New Jersey’s 8th congressional district begins just north of North Bergen, includes West New York, Guttenberg, Union City, Weehawken, and Hoboken moves down into Historical Downtown Jersey City and then winds around most of Bayonne and Newark Airport into the Latino neighborhoods north of Newark and includes all of Elizabeth. Most of the voters live in Hudson County, although there’s a sizable chunk of Essex County and some in Union County. The district is almost 55% Latino. 8.3% is Black, 7.7% is Asian and the white population is about 27%. The district is deep, deep blue, with a PVI of D+24; Obama beat McCain with 73% and then 4 years later beat Romney with an astounding 79%. Since 2007, when crooked Rep. Robert Menendez became crooked Senator Robert Menendez, the congressman has been Albio Sires, previously the Speaker of the New Jersey Assembly. Rated a “D” by ProgressivePunch, the 2015-16 congressional session is the worst of any New Jersey Democrat other than Donald Norcross, the conservative South Jersey Machine candidate.
Eloy Delgado, a millennial candidate challenging Sires the cycle, was born in Elizabeth, NJ during the height of the crack-cocaine epidemic. He describes his childhood as a happy one due to family sheltering him from the realities that were taking place outside of the apartment. As a child, Eloy would make it a game to kill as many roaches as possible. He did not know that his housing complex was kept in substandard conditions which contributed to the high rates of asthma in his neighborhood. He did not know that the loud pop sounds he heard constantly during the summer months were actually the scourge of gun violence in his neighborhood. At the time of his childhood, he was not aware that he went to one of the “worst” public schools in the State of New Jersey. Despite the challenging circumstances of his upbringing, today he says he is grateful for being able to experience these circumstances because they gave him the ability to empathize and see the importance of systemic public investment, which has a good deal to do with his endorsement of Bernie Sanders.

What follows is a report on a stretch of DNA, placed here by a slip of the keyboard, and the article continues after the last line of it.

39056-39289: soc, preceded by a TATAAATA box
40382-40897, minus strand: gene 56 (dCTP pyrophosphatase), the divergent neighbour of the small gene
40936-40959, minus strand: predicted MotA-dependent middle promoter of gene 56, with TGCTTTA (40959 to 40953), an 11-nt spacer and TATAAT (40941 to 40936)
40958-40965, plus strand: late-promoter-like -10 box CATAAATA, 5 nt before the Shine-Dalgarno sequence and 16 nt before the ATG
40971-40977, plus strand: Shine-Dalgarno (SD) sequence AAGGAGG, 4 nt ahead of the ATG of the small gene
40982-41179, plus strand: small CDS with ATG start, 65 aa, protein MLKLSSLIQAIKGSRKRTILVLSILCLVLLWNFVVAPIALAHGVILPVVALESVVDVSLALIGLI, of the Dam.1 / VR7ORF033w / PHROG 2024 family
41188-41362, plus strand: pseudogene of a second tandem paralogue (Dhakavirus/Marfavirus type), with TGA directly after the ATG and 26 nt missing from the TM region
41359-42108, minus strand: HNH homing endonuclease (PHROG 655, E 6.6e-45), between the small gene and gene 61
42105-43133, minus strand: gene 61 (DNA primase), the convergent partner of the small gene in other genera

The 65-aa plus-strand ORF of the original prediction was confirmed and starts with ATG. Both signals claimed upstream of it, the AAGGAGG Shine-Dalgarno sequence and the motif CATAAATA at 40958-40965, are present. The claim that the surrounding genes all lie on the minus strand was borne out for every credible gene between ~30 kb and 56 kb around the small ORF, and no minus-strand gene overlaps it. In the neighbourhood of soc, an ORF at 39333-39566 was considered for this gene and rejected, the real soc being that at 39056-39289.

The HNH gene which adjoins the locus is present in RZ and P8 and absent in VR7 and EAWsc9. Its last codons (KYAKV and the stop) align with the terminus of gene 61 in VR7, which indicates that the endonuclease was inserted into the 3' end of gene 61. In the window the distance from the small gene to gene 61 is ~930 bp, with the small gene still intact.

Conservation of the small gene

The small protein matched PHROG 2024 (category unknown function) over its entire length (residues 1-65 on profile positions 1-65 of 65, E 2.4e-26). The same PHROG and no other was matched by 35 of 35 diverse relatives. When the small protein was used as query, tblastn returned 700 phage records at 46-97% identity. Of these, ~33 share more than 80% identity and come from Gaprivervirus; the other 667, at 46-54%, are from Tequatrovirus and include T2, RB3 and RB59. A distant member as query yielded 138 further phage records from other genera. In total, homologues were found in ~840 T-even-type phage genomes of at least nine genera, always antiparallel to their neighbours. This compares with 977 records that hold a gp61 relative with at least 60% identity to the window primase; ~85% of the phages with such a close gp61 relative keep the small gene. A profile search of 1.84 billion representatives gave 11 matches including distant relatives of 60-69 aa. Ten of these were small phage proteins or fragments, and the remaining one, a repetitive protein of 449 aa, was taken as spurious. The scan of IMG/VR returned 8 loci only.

He describes the district as a working class area that highly depends on public transportation for economic development. “Unfortunately, investment in public transportation has never been a priority for many of our elected officials. Local roads are subjected traffic patterns and volumes they were not designed to bear and the quality of life of local residents declines as result. Despite this, the best asset the district has to offer is its people. The people from the 8th district are from all over the world and their diversity enriches the district with an array of cultures, customs, and food.”
Eloy himself is a first generation American. He was born to a Dominican mother and a Cuban father. He told us he saw first hand what it’s like to work hard for the American dream while external forces work against said dreams. “This area used to be filled with good paying manufacturing jobs that provided middle class wages to working class people. Our disastrous free trade policies, busting of the unions, tax cuts for the rich, and other policies have all contributed to dismal state of the middle and working class. Moreover, our colleges and universities started to mirror the broader trends in the economy: cutting protections, salaries and benefits for middle class professors, while funneling more money into upper administrative positions. Tuition at our universities and colleges keep increasing while the number of tenured salaried professors keeps declining. While our economic policy has focused on the 1%, our foreign policy has been a reckless one that has kept us looking backwards instead of forward.”
Because Sires works closely with foreign policy reactionaries like Ileana Ros-Lehtien and Mario Diaz-Balart of Florida against President Obama’s policies of opening up relations between the U.S. and Cuba, we asked Eloy where he stands on Cuban policy.
No area is this more evident than with our policy towards Cuba. I agree with President Obama that continuing the policies of the Cold War is not productive for America or the Cuban people. My father left Cuba, and I fully understand why so many believe we should not engage with the Castro regime, but isn’t it the definition of insanity to repeat the same failed policies over again and expect a different result? The United States must always be a voice of human rights around the world and our engagement with the Cuban government should not be seen as an affirmation of the Cuban government’s record on human rights; however, our policies have not had the intended effect of toppling the Castro government, instead they have directly hurt the Cuban people. It is time to end the embargo and establish diplomatic relations with Cuba. The Cuban people must be the only ones to determine their own destiny.
My opponent does not agree with me on this issue. He would continue the disastrous embargo policy that has directly hurt the Cuban people. He would continue the policies that prevent families from reuniting, and he would continue the policies that keep us in a Cold War mindset. It is time to turn the page on our engagement with our Caribbean neighbor; it is time to turn the page on our engagement with the world.
If you’d like to help Eloy replace Sires in Congress, he is on the Blue America ActBlue page dedicated to congressional candidates who have endorsed Bernie Sanders and are running on a similar policy agenda. Shortcut: tap the thermometer: